USCOG Workforce Area Receives Federal Funding to Help Job Seekers, Businesses

The Upper Savannah COG is one of nine organizations nationwide to receive U.S. Department of Labor (USDOL) funding to help provide training and employment services for job seekers as the economy recovers from the coronavirus pandemic’s impacts.

USCOG’s workforce development staff applied for the funding on behalf of a consortium of five workforce development areas across the state. Upper Savannah is the lead applicant.

The consortium receiving the funds includes Upper Savannah: Abbeville, Edgefield, Greenwood, Laurens, McCormick, Newberry and Saluda counties; Upstate: Cherokee, Spartanburg and Union counties; Low Country: Beaufort, Colleton, Hampton and Jasper counties; Pee Dee: Chesterfield, Marlboro, Darlington, Florence, Dillon and Marion counties; and Lower Savannah: Aiken Allendale, Bamberg, Barnwell, Calhoun and Orangeburg counties.

Together, the five areas had more than 100,000 claimants exhaust unemployment insurance (UI). As of July 2021, South Carolina no longer provided Federal Pandemic Unemployment Compensation.

The funding will be used to help reach those who have exhausted their UI and need re-employment.

“South Carolina had a substantial reduction in WOIA (Workforce Innovation and Opportunity Act) funding,” Upper Savannah Workforce Development Director Ann Skinner said. “The five Workforce Boards anticipate needing funding to respond to the recovery.”

Skinner said workforce development staffs have not been able to reach dislocated workers as well as they have before the pandemic.

“Traditionally, we have responded to events such as plant closings and provided an orientation and offered on-site services. During the pandemic, workers were laid off without notice. Many were fearful of going to an SC Works Center to do job searches (due to the pandemic). We need to have a systematic way of reaching those who are at risk of not returning to work. We will use funding to conduct outreach and develop On-the-Job training contracts.”

Long-term UI claimants are less marketable because they do not have a consistent work history, Skinner said.

“Many have been without health insurance benefits while unemployed. They are now without income support and may need help accessing services,” she said.

The Upper Savannah Area has faced many challenges, including preparing for the closing of the Fuji plant which will result in the loss of 400 jobs by 2022.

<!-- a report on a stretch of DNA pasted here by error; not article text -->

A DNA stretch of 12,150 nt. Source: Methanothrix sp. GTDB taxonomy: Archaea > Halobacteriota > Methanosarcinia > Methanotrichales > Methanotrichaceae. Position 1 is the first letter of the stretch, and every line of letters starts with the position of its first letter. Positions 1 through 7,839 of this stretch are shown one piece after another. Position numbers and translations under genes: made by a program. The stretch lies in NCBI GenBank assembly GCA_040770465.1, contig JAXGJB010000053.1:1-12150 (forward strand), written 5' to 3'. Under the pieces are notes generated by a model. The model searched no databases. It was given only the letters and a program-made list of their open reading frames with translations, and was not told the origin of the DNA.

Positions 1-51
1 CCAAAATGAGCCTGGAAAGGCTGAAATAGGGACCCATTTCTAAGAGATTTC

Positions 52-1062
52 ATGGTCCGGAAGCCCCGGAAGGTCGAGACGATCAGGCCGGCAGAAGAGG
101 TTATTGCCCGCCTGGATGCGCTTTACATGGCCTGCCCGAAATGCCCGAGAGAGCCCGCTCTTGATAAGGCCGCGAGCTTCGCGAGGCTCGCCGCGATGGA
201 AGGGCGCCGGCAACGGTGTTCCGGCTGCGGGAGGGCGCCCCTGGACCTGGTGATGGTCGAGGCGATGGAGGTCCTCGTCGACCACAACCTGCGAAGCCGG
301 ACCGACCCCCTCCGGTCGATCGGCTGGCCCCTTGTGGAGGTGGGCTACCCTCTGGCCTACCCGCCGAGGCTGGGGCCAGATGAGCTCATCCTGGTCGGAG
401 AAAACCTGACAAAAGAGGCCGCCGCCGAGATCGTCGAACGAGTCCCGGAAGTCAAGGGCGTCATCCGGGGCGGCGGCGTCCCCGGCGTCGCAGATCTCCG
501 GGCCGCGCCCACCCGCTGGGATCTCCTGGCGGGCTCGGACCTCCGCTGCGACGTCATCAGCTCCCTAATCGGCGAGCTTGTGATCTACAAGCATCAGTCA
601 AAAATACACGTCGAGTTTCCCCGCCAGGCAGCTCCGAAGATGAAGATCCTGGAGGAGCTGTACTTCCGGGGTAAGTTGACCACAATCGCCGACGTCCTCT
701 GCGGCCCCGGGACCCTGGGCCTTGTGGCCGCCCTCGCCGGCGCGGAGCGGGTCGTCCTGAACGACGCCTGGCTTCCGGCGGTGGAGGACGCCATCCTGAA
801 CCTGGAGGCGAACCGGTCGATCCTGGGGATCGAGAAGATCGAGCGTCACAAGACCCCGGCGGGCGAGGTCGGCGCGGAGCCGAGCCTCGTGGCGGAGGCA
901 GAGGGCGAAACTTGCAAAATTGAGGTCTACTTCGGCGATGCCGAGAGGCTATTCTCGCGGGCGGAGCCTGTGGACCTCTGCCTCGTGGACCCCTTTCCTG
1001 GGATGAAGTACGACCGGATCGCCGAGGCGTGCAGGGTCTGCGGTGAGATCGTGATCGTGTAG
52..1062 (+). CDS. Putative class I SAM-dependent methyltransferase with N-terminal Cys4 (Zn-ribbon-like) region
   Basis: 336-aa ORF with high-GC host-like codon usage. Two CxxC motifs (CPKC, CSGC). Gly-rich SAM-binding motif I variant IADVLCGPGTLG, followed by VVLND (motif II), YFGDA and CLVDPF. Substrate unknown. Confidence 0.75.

Skinner said these aren’t normal times.

“There is unprecedented need at this time for workforce services,” she said. “Employers are rebuilding their workforce following the pandemic. Job seekers are struggling to find jobs which pay as much as the pandemic unemployment benefits paid.

“South Carolina is using CARES funding to offer free tuition for short-term community college programs. Traffic in SC Works Centers dipped during the pandemic and has not yet returned to normal. We plan to engage in outreach to get customers to Centers and alert them to opportunities.”

Assisting the unemployed includes starting with individual assessment and career planning. The goal is to build on clients’ existing skills.

“We will conduct targeted job development to create On-the-Job Training (OJT) opportunities. It is anticipated that significant staff support will be needed to help clients develop soft skills. We will offer supportive services (transportation, dependent care, medical and work clothing). Utilizing OJT will align training with employer needs and provide immediate income support for dislocated workers,” Skinner said.

All five areas operate formula dislocated worker programs and connect with partners as part of the SC Works system, she said. This grant will build on those connections.

USCOG plans on developing videos that will serve as an orientation to dislocated worker services. The video will be placed on YouTube and have links on Local Workforce Boards’ websites. A portion of the video will be generic to South Carolina, but it will be customized for the five areas, she said. Other videos might cover identifying transferable skills and labor market information.

Another plan involves crafting social media campaigns that can be used by all five workforce areas, focusing on getting the job seeker a higher wage and information about skill training. Specialized messages will be offered to high school dropouts and offenders.

Another goal is to get mailing addresses for all individuals who were in the job matching database the week before UI ended. Staffs will send a postcard to each of the approximately 120,000 individuals.

The strategies to be used with the DOL grant funding was crafted by five workforce administrators with more than 100 years experience. OJT was selected as the primary tool to get workers back on the job because income support is built in.

The grant funding will help local businesses as well as job seekers. OJT reimburses employers 50 – 75 percent of new hire wages.

Businesses inquiring about training reimbursement should contact USCOG Deputy Workforce Development Director Billy Morgan at 864 941-8071. Job seekers should contact the Greenwood County SC Works Center at 864 229-8872.